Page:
The committee determined that the current state of medical evidence shows that exercise tests are generally safe for patients with cardiovascular conditions such as ischemic heart disease, heart failure, and congenital heart disease, and found that SSA’s criteria for determining whether it is safe to order an exercise test are too strict. The committee urges SSA to update the safety criteria to allow broader use of exercise testing in the disability
evaluation process. In cases in which exercise testing is not useful or safe for the claimant, the committee recommends that SSA use alternative procedures such as the 6-minute walk or heel rise tests. SSA should also use validated instruments to assess a claimant’s capacity to perform everyday activities, such as activities of daily living (ADLs) and instrumental ADLs, where exercise is not possible or contraindicated (e.g., in cases of severe peripheral vascular disease, valve disease, or arrhythmias).
This report provides 24 recommendations, most of which offer detailed advice for revising the current listings. The committee also recommends establishing new listings in the cardiovascular system for pulmonary hypertension with vascular causes and for severe symptomatic aortic stenosis, and adding more criteria for heart failure caused by cardiomyopathy or right heart failure. Suggested criteria for these new listings are provided.
The report also addresses some common comorbidities associated with cardiovascular diseases. Unfortunately, there is no validated method for quantifying the combined effects of comorbidities, such as major depression and cardiovascular impairments. However, the report provides information on the impact of comorbidities on individuals with cardiovascular diseases and urges SSA to provide such information to its adjudicators and maintain its currency.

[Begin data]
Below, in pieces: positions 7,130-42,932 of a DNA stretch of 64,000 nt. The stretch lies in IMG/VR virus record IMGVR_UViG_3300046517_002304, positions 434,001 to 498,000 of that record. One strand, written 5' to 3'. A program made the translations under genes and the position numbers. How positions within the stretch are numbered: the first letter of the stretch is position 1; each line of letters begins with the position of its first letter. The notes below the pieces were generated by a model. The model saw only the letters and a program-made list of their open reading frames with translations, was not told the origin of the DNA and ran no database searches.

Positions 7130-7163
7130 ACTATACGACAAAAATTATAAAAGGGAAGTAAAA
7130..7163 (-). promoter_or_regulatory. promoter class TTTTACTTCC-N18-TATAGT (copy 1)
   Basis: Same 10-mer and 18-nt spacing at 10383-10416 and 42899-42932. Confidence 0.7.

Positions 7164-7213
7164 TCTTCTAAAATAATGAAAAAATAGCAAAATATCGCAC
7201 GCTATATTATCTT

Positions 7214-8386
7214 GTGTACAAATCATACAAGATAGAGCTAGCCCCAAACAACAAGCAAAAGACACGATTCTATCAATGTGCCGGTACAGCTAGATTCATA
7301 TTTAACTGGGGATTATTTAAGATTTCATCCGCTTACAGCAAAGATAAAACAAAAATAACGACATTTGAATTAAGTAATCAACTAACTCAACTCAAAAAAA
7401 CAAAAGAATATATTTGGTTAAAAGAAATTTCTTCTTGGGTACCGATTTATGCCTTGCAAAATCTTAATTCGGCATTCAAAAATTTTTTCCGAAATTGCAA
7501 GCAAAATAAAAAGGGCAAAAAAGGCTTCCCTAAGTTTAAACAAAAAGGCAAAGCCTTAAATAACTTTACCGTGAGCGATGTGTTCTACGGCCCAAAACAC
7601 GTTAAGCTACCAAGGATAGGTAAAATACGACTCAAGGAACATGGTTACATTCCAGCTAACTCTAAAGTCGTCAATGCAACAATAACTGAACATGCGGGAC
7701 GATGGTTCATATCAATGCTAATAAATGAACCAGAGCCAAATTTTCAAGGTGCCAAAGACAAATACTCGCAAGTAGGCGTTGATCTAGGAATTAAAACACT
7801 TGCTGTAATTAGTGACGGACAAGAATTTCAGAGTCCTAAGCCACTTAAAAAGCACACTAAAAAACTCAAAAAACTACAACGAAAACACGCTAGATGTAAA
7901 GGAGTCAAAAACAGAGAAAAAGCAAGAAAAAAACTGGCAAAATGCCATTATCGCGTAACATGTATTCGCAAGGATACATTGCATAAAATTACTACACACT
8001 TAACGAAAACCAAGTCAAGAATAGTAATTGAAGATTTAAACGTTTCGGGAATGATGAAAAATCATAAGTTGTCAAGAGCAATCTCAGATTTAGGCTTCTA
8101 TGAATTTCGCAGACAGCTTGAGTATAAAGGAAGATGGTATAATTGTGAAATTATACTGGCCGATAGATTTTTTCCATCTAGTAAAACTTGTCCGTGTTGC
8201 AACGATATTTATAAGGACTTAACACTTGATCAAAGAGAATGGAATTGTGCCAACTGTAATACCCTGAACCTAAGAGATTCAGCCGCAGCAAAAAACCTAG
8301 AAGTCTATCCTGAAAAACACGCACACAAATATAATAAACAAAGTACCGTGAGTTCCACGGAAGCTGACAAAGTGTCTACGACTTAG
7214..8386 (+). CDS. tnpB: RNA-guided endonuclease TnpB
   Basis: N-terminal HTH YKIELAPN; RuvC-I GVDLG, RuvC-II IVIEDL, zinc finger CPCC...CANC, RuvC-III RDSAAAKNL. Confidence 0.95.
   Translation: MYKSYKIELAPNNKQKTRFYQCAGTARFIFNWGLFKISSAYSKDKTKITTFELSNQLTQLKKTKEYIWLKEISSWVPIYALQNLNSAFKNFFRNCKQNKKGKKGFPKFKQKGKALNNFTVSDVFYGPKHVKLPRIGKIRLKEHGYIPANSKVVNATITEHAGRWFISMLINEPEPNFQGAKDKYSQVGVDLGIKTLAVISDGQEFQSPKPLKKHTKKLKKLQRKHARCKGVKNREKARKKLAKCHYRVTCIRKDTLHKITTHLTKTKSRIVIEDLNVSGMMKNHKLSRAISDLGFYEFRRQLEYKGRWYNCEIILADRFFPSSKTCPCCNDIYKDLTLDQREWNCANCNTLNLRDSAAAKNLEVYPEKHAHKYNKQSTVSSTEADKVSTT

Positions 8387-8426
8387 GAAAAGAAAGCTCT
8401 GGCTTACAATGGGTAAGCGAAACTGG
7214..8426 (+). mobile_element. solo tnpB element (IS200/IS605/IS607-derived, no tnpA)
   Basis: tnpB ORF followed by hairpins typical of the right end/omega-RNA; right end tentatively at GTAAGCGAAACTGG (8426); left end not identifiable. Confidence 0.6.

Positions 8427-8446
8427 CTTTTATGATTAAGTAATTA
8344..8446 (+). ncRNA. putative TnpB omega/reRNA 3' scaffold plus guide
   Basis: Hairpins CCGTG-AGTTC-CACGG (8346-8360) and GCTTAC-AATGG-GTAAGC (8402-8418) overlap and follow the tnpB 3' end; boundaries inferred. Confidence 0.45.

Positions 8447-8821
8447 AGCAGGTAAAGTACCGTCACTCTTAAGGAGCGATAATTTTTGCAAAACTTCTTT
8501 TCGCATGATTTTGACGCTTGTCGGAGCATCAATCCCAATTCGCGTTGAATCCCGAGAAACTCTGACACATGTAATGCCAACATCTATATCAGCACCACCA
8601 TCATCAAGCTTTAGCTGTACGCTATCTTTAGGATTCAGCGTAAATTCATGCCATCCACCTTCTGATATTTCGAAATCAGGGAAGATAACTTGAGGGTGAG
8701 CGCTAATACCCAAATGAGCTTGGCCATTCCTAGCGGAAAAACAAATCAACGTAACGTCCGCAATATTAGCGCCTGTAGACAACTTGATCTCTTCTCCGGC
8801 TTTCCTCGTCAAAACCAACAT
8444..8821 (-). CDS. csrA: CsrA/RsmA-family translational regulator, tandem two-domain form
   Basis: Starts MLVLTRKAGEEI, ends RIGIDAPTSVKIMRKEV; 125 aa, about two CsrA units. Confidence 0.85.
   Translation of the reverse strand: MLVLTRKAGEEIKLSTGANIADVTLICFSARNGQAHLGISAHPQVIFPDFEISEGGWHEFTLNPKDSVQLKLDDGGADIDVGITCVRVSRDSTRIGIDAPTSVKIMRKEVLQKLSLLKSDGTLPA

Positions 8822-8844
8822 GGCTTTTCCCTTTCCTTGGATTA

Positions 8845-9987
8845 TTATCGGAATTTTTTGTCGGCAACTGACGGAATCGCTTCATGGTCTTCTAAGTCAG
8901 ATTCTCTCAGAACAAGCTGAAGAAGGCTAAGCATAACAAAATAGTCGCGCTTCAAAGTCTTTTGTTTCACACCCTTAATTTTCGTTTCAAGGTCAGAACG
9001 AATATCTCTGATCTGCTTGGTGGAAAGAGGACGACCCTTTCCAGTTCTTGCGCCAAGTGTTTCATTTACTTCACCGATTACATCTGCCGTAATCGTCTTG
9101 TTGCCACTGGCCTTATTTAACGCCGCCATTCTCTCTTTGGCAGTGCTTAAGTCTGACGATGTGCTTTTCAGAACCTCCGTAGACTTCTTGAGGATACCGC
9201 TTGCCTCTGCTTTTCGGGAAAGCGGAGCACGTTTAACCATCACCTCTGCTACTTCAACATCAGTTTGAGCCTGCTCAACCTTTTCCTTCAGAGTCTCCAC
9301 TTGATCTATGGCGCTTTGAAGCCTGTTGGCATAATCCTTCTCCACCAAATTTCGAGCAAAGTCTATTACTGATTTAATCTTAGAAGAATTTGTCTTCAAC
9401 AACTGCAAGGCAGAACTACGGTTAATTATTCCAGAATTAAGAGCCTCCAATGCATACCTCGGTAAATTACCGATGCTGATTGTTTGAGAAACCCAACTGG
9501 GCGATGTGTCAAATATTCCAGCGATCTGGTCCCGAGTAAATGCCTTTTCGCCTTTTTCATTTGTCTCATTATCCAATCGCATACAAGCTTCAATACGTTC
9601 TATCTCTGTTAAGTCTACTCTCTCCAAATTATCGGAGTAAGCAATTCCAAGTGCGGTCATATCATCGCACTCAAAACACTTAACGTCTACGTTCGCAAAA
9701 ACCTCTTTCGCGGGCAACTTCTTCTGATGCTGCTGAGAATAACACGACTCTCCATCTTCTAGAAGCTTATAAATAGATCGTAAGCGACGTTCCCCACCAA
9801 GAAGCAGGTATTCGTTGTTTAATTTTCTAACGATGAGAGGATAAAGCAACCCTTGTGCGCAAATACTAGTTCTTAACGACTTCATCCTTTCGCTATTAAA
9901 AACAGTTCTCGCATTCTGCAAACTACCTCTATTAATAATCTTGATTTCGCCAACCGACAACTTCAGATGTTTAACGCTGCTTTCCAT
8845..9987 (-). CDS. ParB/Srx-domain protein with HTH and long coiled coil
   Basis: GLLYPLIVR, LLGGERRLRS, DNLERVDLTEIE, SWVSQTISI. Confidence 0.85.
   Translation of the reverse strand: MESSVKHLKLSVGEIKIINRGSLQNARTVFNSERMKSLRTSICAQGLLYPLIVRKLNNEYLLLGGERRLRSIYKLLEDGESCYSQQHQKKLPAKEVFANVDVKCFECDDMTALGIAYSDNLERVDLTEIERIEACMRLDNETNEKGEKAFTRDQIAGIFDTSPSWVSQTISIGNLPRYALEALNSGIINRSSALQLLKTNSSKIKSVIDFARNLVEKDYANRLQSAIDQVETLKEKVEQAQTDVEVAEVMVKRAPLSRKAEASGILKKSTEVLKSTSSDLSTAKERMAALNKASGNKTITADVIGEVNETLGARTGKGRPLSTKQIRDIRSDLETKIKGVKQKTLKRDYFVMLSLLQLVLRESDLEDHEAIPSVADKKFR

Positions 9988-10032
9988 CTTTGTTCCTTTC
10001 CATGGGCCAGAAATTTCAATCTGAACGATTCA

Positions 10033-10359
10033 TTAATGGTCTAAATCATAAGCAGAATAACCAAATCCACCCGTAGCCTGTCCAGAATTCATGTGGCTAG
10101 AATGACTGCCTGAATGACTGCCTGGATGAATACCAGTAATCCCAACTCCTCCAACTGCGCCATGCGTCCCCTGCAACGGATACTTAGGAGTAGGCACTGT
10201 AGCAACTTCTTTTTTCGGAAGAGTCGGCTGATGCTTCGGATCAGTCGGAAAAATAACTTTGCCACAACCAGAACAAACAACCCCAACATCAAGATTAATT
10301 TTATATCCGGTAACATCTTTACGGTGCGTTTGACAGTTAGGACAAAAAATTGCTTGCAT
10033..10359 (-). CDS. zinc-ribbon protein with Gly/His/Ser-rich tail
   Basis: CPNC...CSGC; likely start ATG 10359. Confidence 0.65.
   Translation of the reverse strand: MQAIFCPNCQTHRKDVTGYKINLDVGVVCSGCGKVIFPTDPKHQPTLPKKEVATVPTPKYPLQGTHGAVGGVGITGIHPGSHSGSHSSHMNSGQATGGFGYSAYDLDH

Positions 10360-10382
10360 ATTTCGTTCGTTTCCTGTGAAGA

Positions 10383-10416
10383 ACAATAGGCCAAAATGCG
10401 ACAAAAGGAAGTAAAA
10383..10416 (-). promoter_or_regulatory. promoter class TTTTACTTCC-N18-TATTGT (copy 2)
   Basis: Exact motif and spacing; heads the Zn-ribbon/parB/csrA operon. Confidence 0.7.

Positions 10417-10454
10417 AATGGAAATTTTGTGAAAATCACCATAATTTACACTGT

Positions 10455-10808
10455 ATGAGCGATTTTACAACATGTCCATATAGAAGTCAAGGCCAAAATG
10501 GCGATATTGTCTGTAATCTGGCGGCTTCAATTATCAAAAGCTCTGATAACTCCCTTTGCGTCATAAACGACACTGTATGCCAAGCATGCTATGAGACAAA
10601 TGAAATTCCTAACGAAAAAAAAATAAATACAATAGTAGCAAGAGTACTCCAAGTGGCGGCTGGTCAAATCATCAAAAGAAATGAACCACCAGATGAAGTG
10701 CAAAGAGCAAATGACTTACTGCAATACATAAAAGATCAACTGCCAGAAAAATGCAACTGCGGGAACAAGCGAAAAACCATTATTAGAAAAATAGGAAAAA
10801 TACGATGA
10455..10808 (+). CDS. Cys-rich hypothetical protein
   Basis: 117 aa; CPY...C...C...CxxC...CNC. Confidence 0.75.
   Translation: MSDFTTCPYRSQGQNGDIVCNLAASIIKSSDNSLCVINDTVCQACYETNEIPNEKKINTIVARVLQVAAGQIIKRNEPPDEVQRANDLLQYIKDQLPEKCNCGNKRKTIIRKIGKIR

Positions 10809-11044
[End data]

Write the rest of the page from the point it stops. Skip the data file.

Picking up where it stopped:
During the course of its work, the committee encountered several critical knowledge gaps (for example, the relationship of anatomical severity measures and functional limitation and the effect of comorbidities), and recommends that SSA pursue research opportunities, both within the organization and externally, to improve the quality of the Listings and to better inform future revisions of the cardiovascular and other body systems. In the final chapter, the committee suggests several ways to approach this research.